Two years after retiring, she still refers to Young Minds and Family Learning Librarian Phillip Modeen as her “work husband,” and he to her as his “work wife.” Saturday, she said that she’ll miss the Stetson family—who she frequently visits across the street—when she moves to North Carolina this or next year.
Ms. Ella Smith with Young Minds and Family Learning Librarian Phillip Modeen, or "Mr. Phil." Lucy Gellman Photos.
In the center of the dance floor, Ella Smith cut a rug in the space last time, a felted black hat resting snugly atop her head. Over three of its four locations, Stetson has served five generations of her family, from her parents to her great-grandchildren. She remembered “so many community meetings” held out of the building, where she always knew that she could bring her kids and grandkids, find the right book, and slip right into programming for all ages.
Now, she visits the new Stetson “a couple times a week,” after spending time at the Dixwell Senior Center in the new Dixwell Community Q House. She recalled bringing her 7-year-old grandson, Emarius, into the library to learn lego robotics with “Mr. Phil,” Modeen’s nickname among most patrons under 10.
When she was getting dressed Saturday, Smith said, she chose the hat specifically so she could tip it at the end of the night. Before leaving the building, she raised a hand to the brim, and lowered it just so. She wouldn’t be back to 220 Dixwell Ave., but she’d be back at Stetson soon.
For Modeen, who has become known and loved simply as “Mr. Phil,” it’s a fond farewell and an emotional one, too. Over a decade ago, the space was where he fell in love with New Haven and with librarianship. In 2008, Brown was Modeen’s undergraduate professor at Southern Connecticut State University (SCSU), and taught students about the role of a library as a community center and civic space.
Brown’s lessons were electrifying: no one had talked to him about a library like that, Modeen remembered. No one had told students that their most important charge as librarians was to serve the public. Part of the course, he remembered, was coming to Stetson and getting a library card.
He started volunteering in the space shortly afterwards.
In 2015, after his graduate studies in library science, he became a part-time librarian at the NHFPL. When he was assigned to Stetson, “it was a beautiful, full-circle moment,” he said.
“Stetson was so alive then,” he said. “I think for a lot of students, it’s [library science] academic. Diane made it real.”
Stetson Branch Manager Diane Brown and Black Haven Founder Salwa Abdussabur. Lucy Gellman Photos.
Almost every day, students from Wexler Grant Community School would come back through the library on their way home, a tradition that has continued with weekly young minds programming across the street. Around him, Stetson hummed with activity, from cooking demos to skate clinics. Brown, he said, never said “no” to a programming idea.
“It was always ‘Let’s try it, and see what happens,’” Modeen said. It still is. “She never shut anyone out.”
Nearby, Brown made the rounds, catching up with attendees as music floated through the space. She popped into her old office, where a desk and swiveling chair still sit against the exposed brick, as if they are waiting for her to come back for good. As the night wound down, she tucked herself instinctively behind a table where the reference desk used to be.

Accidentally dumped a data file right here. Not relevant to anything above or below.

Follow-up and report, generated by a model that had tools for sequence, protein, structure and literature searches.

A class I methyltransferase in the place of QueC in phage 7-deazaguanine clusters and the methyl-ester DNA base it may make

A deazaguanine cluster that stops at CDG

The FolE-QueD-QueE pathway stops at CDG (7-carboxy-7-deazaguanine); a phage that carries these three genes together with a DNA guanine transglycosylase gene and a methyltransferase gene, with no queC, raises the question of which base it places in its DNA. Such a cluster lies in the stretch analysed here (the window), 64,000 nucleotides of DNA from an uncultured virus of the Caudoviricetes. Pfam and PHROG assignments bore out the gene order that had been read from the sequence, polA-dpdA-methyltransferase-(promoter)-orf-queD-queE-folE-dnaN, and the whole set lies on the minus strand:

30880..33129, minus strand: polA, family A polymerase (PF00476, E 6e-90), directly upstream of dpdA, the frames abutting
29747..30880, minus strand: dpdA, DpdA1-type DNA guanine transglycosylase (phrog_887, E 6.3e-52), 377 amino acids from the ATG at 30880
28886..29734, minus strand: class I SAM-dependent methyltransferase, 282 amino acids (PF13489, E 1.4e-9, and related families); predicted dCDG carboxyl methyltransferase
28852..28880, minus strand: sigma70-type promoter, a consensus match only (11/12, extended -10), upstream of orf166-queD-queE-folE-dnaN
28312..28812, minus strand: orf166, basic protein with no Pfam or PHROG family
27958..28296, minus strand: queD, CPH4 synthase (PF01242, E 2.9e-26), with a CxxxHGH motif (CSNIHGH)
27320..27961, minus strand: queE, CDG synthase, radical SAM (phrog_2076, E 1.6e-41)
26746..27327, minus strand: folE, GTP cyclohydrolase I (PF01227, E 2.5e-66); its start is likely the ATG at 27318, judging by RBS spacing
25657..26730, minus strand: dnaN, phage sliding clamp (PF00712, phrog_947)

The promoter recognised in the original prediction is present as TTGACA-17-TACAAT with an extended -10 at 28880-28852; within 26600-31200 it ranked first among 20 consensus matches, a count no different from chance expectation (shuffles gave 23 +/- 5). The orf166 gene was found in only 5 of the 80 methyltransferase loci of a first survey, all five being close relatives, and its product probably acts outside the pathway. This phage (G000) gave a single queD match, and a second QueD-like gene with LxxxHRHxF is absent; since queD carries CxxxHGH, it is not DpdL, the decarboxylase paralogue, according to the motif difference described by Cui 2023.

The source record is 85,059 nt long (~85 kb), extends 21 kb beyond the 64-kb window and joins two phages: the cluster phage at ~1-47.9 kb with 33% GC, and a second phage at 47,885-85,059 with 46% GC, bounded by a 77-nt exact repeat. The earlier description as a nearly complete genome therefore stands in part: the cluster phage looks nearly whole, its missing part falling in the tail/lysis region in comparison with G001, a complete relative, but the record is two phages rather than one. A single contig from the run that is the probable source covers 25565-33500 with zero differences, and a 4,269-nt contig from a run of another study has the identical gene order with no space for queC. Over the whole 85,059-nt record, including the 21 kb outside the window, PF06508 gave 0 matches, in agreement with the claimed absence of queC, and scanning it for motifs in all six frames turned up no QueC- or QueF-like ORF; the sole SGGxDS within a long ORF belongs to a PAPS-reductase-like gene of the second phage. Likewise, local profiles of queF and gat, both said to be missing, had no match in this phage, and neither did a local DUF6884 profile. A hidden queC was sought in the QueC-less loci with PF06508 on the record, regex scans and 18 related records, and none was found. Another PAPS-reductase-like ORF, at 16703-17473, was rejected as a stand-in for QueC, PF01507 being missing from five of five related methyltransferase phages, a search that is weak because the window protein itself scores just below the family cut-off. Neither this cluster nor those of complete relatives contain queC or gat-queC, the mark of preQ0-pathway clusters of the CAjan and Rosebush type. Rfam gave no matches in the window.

Her love for the old building took a while to catch up to her, she said as she sorted bottled water and bags of popcorn. As a branch librarian and then branch manager, she turned 200 Dixwell Ave. into a de facto community center, with after-school programming, chess classes, free community concerts, theater talkbacks, and African dance and drum. After the closure of the old Dixwell Community Q House in 2003, she filled a void.
But when Brown moved across the street in March of last year, “I didn’t think about it right away,” she said. Between 2020 and 2022, she and a skeleton staff had navigated pandemic shutdowns, reopened 200 Dixwell Ave. for curbside pickup and printing services, planned summer festivals, weeded and then moved an entire collection of books, and kept serving a community even as the library’s physical doors remained closed. It was only after she had a moment to herself in the new building that she realized how much she was going to miss the old one.
“And then it hit me,” she recalled. After making sure she could slip away for a little while, she returned to her old office and sat there, remembering the thousands of pint-sized patrons who had given her the energy to come to work every day. Some are now parents themselves, who bring their kids back into the space to see her.
Almost a year after the new Stetson opened its doors, “we’re thriving,” she said. In 11 months, it has become the same safe haven for community members, who can now lose themselves in activities, an entire floor for young readers, and an all-ages collection dedicated to the African Diaspora. On Saturday alone, she had welcomed artist Iyaba Ibo Mandingo for a puppet performance, then stayed for the dance party across the street.
“I feel blessed,” she said. “I feel blessed.”